Quick Project Snapshot

Gut Health: an intersection of food, environment, animal production and global health

Program Leaders: Dr Brid Callaghan, Mitchell Ringuet, Prof John Furness, including collaboration with Dr Jeremy Cottrell, Agricultural Science.

Contact: Dr Callaghan: b.callaghan@unimelb.edu.au

Gut health can be defined as a condition in which mucosal function is normal and assimilation of nutrients is not compromised.  When the gut is stressed, there are major effects on the mucosa.  This manifests as a loss of structural integrity, increased mucosal permeability, malabsorption of nutrients, and mucosal inflammation.  In addition to the mucosa, enteric neurons are susceptible to damage when there is stress, particularly oxidative stress, to the intestine.  We have developed a number of models for studying enteric neuropathies associated with inflammation, ischemia/ reperfusion injury and high fat diets (Rivera et al. 2014) and environmental heat (Maseko et al 2014). 

In this study we will use ischemia/ reperfusion (I/R) injury as an acute stress to enteric neurons or a high fat diet regime, which has the hallmarks of accelerated ageing, as a more generalisable, chronic enteric neuronal stress as a screen, to test for drugs that might be used as neuroprotectors when oxidative stress is a factor, for example in intestinal transplant surgery

References:

Rivera LR, Leung C, Pustovit RV, Hunne B, Andrikopoulos S, Herath C, Testro A, Angus PW & Furness JB. Damage to enteric neurons occurs in mice that develop fatty liver disease but not diabetes in response to a high-fat diet. Neurogastroenterol Motil 26, 1188-1199 (2014).

Maseko T, Dunshea FR, Howell K, Cho H-J, Rivera LR, Furness JB & Ng K. Selenium-enriched Agaricus bisporus mushroom protects against increases in gut permeability ex vivo and up-regulates glutathione peroxidase 1 and 2 in hyperthermal-induced oxidative stress in rats. Nutrients 6, 2478-2492 (2014).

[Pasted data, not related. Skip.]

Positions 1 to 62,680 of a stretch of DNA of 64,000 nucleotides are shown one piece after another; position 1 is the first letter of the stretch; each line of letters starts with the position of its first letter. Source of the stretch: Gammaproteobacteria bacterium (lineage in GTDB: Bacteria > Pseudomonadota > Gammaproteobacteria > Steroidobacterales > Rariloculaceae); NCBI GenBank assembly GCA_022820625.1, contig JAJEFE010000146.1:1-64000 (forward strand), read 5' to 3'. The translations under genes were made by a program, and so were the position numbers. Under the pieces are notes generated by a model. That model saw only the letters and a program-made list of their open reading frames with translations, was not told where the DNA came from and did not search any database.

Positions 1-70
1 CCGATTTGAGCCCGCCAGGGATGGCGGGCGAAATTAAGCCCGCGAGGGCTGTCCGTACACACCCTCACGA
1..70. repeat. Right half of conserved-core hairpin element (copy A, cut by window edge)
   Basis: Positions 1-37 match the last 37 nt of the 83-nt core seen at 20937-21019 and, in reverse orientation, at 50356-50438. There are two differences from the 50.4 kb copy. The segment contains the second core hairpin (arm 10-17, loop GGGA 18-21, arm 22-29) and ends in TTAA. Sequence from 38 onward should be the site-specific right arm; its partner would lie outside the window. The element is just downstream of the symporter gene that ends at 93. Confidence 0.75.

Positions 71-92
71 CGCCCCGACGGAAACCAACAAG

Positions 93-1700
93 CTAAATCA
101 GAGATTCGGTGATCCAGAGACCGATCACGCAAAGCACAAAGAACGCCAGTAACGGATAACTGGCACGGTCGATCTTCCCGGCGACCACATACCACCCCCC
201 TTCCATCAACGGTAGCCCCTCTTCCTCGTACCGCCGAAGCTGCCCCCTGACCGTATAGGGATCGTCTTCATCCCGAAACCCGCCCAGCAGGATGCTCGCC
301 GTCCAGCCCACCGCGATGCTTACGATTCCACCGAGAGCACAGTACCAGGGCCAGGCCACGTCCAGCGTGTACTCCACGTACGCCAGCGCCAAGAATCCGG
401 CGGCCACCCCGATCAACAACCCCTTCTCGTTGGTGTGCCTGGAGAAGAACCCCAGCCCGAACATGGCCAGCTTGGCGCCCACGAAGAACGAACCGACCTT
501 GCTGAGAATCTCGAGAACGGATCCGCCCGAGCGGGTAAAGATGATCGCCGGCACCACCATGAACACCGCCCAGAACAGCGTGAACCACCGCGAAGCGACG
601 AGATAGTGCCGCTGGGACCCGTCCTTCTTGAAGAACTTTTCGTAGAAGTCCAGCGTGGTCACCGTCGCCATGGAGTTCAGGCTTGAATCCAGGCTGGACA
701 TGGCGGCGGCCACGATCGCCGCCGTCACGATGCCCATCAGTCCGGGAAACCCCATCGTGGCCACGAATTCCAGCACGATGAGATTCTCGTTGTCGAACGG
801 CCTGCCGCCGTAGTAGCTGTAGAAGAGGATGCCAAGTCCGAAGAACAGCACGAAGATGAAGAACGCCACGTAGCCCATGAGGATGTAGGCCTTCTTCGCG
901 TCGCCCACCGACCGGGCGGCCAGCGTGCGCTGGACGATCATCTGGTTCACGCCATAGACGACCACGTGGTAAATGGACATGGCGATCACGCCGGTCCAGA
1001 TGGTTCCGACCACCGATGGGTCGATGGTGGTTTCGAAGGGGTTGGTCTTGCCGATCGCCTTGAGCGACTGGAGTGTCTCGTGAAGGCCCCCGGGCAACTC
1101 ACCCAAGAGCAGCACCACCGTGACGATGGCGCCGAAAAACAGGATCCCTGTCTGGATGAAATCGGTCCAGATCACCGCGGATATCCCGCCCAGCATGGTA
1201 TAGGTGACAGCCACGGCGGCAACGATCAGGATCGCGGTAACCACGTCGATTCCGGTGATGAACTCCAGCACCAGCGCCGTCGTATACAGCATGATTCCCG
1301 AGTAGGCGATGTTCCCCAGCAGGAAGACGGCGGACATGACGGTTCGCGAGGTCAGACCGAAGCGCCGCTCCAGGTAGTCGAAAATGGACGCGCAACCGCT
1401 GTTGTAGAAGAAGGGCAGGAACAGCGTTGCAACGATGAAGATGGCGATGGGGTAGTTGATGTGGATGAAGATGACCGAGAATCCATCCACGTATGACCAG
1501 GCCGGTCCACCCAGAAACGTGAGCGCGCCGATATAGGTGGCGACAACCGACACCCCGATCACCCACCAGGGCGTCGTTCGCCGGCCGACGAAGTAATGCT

Liu, F, Cottrell, JJ, Furness, JB, Rivera, LR, Kelly, FW, Wijesiriwardana, U, Pustovit, RV, Fothergill, LJ, Bravo, DM, Celi, P, Leury, LJ, Gabler, NK, Dunshea, FR:  Selenium and Vitamin E together improve intestinal epithelial barrier function and alleviate oxidative stress in heat stressed pigs. Exp. Physiol. 101, 801-810 (2016)

Systems Neurophysiology

In Systems Neurophysiology we seek to learn how the nervous system controls various bodily functions and how that control is altered in disease. Our disease focus includes not only neurological disorders such as epilepsy and multiple sclerosis, but also how the nervous system impacts on non-neurological diseases such as heart failure and inflammatory diseases.  A clear understanding of basic mechanisms is crucial in developing better therapies and reducing the impacts of illness. 

All Labs that operate in this Division

Autonomic Neuroscience LaboratoryDigestive Physiology and Nutrition LaboratoryNeurocardiovascular LaboratoryNeurovascular Biology LaboratoryRespiratory Neurophysiology LaboratoryViscerosensory Laboratory